Washington and Lee University moves classes online for rest of academic year

The decision impacts both undergraduate and law students and comes as a response to the growing impact of the new coronavirus


Huntley Hall, where the Williams School is located. Photo by Kaelan McCabe, ’21.

Hannah Denham

Washington and Lee University Provost Marc Conner announced on Saturday afternoon that the university will suspend in-person classes during spring term and move to remote teaching online for the rest of the academic year.

The decision impacts both undergraduate and law students and comes as a response to the growing impact of the new coronavirus, or COVID-19. As for now, Conner said, law and undergraduate graduation plans are still on.

Conner announced the change in a campus-wide email after University President Will Dudley announced on Friday night that the university will suspend in-person classes immediately and move to remote teaching online for the rest of winter term.

“As I have sat in planning meetings and worked with people across campus this week who were attending to the many issues arising from this unprecedented situation, I have been deeply impressed by the collective dedication of our faculty, staff and students,” Dudley said in the email. “Thank you all for your understanding, your compassion for one another, and your shared commitment to keeping our community together, especially during the upcoming period when many will be physically distant from campus.”

Conner announced changes to the academic term in a campus-wide email on Wednesday, March 18. Students will be able to choose how they want to be graded, including sticking with conventional letter grades and a new credit/no-credit option. A decision on grading will be shared no later than Monday, March 23, Conner said.

  • The university will take a two-week recess from classes to allow students time to relocate and faculty time to prepare for virtual instruction. Classes will resume remotely on Monday, March 30 and continue through midnight on Wednesday, April 22.
  • Students may choose to take winter term exams on Thursday, Friday, and Saturday, April 23-25. Final exams may also be embedded into the class sessions, at the faculty’s discretion.
  • Winter term grades for seniors will be due by 12 noon on Tuesday, April 28 (in case seniors need to make adjustments for spring) and the remainder of spring grades are due by 12 noon on Monday, May 4.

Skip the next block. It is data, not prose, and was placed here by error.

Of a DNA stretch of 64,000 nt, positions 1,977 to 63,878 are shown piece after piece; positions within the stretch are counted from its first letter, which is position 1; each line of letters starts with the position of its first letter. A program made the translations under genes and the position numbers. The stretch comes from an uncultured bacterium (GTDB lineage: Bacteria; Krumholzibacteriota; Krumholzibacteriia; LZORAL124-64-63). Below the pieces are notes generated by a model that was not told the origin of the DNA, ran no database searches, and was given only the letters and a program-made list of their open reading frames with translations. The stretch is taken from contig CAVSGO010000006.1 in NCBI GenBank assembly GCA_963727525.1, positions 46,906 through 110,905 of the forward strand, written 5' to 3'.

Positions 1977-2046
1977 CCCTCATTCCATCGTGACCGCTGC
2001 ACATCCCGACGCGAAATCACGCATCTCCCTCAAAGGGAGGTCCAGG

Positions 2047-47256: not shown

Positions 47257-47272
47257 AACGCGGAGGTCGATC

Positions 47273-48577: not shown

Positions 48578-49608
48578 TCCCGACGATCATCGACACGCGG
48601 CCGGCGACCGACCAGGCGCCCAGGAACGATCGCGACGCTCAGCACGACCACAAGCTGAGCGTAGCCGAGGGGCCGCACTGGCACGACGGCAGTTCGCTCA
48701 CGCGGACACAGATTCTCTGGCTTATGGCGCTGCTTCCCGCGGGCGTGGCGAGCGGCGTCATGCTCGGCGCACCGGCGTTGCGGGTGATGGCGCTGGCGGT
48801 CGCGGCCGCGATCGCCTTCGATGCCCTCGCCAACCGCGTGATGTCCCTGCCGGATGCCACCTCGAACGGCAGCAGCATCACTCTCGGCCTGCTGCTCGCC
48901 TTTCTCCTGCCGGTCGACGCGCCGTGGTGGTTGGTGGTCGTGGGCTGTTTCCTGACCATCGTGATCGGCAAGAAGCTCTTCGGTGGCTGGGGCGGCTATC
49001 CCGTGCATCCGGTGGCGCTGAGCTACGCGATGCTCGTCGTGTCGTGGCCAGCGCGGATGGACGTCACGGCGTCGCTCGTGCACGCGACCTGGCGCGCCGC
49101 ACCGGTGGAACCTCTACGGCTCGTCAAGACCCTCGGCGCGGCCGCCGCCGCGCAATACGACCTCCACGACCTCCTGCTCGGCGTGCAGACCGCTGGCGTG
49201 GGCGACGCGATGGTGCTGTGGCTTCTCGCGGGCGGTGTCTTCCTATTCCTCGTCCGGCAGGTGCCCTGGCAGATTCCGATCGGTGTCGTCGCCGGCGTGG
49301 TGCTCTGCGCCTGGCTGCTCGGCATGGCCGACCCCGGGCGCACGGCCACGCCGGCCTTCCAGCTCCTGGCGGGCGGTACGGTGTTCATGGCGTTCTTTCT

• Spring term classes will begin on Wednesday, April 29, and spring term will conclude on Friday, May 22. The standard drop/add period of just two days will remain in force, with waiting list offers ending on the first day of class, and drop/add ending Thursday, April 30.
  • Spring term grades will be due for seniors by 12 noon on Monday, May 25, and for all other students by 12 noon on Friday, May 29.

“I appreciate how much thought and time people gave to this during an already hectic time,” Conner said in the email. “Thank you also for your patience as we work out these academic questions.”

All students except those with express permission from the Residence Life Office were asked to leave their on-campus residences no later than 6:00 p.m. on Wednesday, March 18.

“We will accommodate and support students on campus if they are unable to return to their homes, and will provide financial assistance for travel expenses to those who need it,” Dudley said. “Students in need of financial assistance should contact Sidney Evans, vice president of student affairs and dean of students.”

The university adjusted campus services for senior students and law students living off-campus, as well as a small group of students living on campus with permission. For now, Evans said in an email on Wednesday, these students can register with the university for swipe access to take-out food service from the Marketplace, also known as D-Hall, seven days a week; limited hours in Leyburn Library, Monday through Friday; and the Student Health Center.